Iran is trying to build up its aging aircraft fleet and wants to partner with U.S. manufacturer Boeing to get the job done. Iran invited the company to talks that could lead to a potential deal, the country’s transport minister said Thursday on state television, but it still needs additional U.S. approval to complete the purchases. 

The Iran-Boeing talks would mark the first time in three decades that Iran entered into an official sale with an American business. The U.S.-brokered nuclear deal went into effect in January, lifting some restrictions on trade and sales to Iran. Under the agreement, the U.S. permits “the sale of commercial passenger aircraft and related parts and services to Iran.”

Even before the nuclear deal went into effect Jan. 16, Iranian airlines purchased Boeing aircraft from third parties, usually other airlines or aircraft companies, to update their fleets, an International Business Times investigation last year found. Some of those deals were prohibited by U.S. sanction law and U.S. export controls. 

Under the terms of sanctions, Iran was barred from purchasing aircraft from U.S. and European entities — and U.S. and European entities were barred from selling them to Iran — until Tehran had satisfied inspectors that it had begun rolling back its nuclear program. Iranian airlines purchased aircraft manufactured in the U.S. before those sanctions were rolled back.

After implementation day, Iranian airlines purchased aircraft manufactured in the U.S. without the proper approval, an IBT review of documents has found.

An Iranian flag outside of the UN building in Vienna. An Iranian flag flutters in front of the United Nations headquarters during an International Atomic Energy Agency board of governors meeting in Vienna, March 4, 2015. Photo: Reuters/Heinz-Peter Bader

Although some restrictions were lifted under the nuclear deal, the U.S. still requires companies wanting to export U.S. items to Iran to apply for a license through the Department of Commerce. U.S. export controls still prohibit U.S. companies from selling items, such as aircraft, to Iran, or from selling them to a third country with knowledge or reason to know that they will be sold to Iran unless they get a Commerce license. The export controls also  prohibit a person not from the U.S. from reexporting items that originated in the U.S.

Recently obtained Aviation records maintained by a private registry show that Sepehran, an Iranian airline, purchased a Boeing aircraft from the vendor Aero North, an Indonesian vendor, on Jan. 23. Aero North would have needed a license from the U.S. Department of Commerce because the aircraft was manufactured in the U.S. Aero North did not return phonecalls to IBT. ATA Airlines, another Iranian company, purchased a Boeing from an undisclosed buyer in December.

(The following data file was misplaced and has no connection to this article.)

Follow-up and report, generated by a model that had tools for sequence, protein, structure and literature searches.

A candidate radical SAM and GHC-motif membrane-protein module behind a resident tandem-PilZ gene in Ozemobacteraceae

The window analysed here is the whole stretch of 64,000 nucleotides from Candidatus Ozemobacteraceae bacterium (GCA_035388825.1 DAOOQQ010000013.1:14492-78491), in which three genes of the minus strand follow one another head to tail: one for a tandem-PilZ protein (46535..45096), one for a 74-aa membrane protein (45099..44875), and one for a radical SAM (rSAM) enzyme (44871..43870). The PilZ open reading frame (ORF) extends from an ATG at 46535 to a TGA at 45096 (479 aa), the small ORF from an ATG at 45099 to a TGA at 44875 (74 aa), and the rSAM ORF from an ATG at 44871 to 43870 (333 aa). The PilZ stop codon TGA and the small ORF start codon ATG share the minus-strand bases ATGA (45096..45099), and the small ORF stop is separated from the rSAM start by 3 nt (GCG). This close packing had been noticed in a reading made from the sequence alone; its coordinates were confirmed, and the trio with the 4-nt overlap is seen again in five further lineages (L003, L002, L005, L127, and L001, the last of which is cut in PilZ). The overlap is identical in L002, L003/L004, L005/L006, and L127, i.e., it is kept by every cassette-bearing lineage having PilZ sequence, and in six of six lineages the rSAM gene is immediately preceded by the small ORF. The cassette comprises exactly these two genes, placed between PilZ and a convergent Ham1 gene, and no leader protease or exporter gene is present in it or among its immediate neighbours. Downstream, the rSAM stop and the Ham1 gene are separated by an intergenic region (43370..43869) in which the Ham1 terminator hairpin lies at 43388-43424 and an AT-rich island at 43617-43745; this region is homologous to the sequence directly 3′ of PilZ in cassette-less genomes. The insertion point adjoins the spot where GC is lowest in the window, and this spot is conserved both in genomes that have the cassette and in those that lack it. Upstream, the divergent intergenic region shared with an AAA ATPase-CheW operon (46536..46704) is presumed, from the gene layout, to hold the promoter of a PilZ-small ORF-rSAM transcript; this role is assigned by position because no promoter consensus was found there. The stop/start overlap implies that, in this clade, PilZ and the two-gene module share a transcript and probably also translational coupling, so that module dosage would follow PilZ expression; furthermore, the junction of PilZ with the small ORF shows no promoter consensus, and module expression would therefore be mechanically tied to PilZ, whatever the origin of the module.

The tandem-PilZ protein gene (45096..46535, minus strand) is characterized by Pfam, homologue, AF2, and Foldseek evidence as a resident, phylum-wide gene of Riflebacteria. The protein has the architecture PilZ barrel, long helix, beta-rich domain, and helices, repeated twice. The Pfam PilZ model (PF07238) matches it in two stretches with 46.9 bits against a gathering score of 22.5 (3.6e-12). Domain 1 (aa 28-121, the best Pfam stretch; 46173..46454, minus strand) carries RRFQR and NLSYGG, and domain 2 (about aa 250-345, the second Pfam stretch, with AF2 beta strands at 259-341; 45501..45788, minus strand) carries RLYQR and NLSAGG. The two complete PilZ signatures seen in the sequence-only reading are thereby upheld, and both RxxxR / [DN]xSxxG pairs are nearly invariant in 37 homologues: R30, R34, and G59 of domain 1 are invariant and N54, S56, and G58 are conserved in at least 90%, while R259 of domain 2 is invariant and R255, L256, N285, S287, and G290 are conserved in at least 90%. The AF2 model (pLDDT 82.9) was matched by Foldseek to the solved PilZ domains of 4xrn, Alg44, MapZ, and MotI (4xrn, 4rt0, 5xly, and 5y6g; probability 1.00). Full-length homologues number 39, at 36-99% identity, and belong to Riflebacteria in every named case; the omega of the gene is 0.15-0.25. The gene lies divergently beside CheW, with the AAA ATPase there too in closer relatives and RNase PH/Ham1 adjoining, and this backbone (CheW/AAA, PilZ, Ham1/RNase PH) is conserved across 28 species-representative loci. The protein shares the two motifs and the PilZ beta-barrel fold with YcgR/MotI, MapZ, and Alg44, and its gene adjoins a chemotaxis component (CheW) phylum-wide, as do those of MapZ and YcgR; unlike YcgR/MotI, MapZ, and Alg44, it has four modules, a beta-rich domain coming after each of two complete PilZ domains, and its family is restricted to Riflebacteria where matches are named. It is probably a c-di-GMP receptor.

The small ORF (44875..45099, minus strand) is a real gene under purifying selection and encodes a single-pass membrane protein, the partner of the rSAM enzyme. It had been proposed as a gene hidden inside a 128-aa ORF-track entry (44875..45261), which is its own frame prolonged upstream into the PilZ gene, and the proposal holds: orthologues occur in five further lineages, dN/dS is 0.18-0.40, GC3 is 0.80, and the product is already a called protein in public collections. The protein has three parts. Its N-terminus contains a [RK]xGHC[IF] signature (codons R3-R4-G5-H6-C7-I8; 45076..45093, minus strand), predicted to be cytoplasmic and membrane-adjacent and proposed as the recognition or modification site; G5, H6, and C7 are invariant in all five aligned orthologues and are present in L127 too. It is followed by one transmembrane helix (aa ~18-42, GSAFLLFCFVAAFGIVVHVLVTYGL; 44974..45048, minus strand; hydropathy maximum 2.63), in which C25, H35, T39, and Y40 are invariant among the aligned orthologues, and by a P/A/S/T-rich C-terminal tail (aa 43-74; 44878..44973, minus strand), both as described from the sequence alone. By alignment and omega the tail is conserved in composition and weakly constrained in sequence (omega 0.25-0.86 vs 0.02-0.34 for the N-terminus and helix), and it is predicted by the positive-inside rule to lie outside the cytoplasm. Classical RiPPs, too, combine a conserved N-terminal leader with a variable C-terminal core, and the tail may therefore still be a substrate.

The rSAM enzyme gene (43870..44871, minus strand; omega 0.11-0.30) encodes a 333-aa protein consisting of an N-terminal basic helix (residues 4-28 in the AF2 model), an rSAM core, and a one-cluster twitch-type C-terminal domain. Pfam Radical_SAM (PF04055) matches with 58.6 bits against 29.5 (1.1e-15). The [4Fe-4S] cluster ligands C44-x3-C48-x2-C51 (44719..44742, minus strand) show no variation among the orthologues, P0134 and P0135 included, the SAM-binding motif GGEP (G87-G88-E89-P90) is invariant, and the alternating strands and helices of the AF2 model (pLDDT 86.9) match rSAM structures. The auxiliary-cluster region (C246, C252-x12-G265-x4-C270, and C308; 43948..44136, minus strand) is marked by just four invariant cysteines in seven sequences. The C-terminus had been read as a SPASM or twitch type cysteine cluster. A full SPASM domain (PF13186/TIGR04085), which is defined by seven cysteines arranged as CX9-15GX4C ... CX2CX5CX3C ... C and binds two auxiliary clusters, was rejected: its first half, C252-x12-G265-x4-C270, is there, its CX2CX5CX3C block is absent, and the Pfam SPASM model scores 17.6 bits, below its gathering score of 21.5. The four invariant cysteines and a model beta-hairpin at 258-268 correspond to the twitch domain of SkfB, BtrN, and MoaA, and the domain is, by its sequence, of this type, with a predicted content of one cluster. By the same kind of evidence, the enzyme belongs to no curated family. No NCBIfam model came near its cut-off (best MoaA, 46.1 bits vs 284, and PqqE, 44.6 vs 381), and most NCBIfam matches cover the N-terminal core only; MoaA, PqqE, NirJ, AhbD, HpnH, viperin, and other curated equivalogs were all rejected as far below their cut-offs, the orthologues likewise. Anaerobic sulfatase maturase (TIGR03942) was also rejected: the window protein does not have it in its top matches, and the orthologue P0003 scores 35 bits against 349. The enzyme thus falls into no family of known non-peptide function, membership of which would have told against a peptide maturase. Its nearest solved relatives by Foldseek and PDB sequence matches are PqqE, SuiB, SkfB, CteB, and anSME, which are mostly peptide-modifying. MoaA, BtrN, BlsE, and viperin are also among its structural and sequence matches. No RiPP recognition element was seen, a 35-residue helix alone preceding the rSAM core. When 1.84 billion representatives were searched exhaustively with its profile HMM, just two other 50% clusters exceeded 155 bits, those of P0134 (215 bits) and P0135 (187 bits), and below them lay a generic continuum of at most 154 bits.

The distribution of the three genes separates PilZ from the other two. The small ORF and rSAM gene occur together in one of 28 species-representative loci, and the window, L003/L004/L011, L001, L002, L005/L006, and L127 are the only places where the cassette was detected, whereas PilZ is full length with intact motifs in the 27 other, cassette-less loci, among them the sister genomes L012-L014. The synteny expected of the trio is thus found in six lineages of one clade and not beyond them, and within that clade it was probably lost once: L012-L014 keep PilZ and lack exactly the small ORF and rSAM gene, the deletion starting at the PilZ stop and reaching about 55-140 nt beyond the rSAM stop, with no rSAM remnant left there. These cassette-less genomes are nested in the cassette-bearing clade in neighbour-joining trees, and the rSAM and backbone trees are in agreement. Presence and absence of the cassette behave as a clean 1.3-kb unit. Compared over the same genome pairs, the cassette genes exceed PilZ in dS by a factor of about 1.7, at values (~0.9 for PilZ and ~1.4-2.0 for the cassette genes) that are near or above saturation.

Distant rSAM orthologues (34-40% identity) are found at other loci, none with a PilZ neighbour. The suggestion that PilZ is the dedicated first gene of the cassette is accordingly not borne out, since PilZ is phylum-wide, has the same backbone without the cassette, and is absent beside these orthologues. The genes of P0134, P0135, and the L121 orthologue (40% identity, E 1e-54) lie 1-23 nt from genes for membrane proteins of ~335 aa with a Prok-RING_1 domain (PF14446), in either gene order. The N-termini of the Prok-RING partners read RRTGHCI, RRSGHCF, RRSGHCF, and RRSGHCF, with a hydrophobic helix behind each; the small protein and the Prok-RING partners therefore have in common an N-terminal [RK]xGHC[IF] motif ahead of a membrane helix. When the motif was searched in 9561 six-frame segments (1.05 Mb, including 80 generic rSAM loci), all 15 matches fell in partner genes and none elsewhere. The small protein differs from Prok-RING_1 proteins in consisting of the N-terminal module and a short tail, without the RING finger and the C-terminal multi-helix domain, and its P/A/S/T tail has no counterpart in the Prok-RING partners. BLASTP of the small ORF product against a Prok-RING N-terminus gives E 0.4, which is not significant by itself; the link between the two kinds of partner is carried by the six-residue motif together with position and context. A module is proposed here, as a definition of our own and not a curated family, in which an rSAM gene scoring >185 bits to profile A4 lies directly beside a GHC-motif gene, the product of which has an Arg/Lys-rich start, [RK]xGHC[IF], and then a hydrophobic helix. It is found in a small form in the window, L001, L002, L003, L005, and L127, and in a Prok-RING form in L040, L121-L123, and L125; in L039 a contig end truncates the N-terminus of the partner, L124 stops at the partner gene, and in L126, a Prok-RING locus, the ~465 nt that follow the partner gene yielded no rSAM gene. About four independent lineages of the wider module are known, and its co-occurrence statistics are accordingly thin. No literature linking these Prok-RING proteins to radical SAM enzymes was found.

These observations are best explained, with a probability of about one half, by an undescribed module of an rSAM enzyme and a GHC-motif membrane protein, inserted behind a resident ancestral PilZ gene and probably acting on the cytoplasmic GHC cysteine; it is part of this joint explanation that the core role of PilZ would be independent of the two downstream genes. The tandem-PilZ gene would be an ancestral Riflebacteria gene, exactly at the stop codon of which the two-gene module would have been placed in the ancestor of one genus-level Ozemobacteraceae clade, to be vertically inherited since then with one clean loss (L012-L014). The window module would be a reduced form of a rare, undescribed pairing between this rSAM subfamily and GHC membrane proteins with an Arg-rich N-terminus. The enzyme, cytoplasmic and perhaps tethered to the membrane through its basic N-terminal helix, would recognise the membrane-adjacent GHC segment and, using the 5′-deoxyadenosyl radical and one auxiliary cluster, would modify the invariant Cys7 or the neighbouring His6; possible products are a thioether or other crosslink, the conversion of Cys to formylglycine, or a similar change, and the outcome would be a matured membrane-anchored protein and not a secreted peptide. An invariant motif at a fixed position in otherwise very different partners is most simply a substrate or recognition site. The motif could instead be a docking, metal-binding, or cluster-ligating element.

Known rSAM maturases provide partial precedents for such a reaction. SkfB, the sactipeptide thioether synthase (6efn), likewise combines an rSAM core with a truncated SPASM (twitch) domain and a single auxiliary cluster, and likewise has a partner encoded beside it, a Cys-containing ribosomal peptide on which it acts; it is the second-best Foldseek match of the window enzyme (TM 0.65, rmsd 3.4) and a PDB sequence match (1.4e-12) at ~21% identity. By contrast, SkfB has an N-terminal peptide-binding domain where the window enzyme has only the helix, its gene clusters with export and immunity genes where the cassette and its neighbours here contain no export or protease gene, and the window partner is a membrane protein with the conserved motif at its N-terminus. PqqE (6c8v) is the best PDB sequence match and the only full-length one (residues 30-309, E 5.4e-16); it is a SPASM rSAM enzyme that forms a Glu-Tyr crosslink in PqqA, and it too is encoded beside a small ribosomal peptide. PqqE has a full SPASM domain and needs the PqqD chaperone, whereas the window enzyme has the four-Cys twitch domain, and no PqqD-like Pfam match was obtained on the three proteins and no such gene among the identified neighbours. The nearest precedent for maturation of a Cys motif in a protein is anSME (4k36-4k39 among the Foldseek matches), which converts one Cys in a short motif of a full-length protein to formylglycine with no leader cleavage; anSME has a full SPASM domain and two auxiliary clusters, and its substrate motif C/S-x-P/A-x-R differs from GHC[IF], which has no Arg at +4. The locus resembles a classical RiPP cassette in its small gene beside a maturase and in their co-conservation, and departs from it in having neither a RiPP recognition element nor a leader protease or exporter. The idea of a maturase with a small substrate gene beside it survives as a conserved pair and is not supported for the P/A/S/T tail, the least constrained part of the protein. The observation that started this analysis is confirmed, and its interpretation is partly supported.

Iran has a long history of importing aircraft with American parts. Some of the Iranian airlines that have done so are affiliated with the government and its military.

Mahan Airlines, a commercial airline in Iran, purchased a jet from an individual listed as A. Grundlingh Oct. 15. The aircraft had an American-made engine, which means that aircraft needed an export license before it was sold.

Before Mahan Air purchased the aircraft, several other European airlines owned it, including Malmo Aviation, a Swedish company, and Blue 1, a Finnish firm. Grundlingh bought the plane May 7 from Triangle Regional Aircraft Leasing, previously known as BAE Systems Regional Aircraft Leasing, without a license, the IBT review of documents found.

Mahan Air had been on the Department of Commerce's radar for years because of its illicit activities.

In October 2011, the Treasury Department announced that Mahan would be sanctioned for providing financial, material and technological support to the Quds Force in the Islamic Republic Guard Corps. Treasury also accused the airline  of flying Quds Force members linked to a plot to kill Saudi Arabia’s former ambassador to the U.S., Adel al-Jubeir.

The U.S. Department of Commerce is actively trying to stop prohibited sales to Iran. The department on Jan. 21 suspended the export privileges of several airlines and individuals for selling aircraft to Caspian Airlines, an airline the U.S. says supports terrorism.

Iran's deputy transport minister Asghar Fakhrieh Kashan told Reuters the country was ready to buy at least 100 jets from Boeing once the U.S. gave authorization. Meanwhile, Boeing's rival Airbus agreed in January to sell Iran 118 planes worth about $27 billion.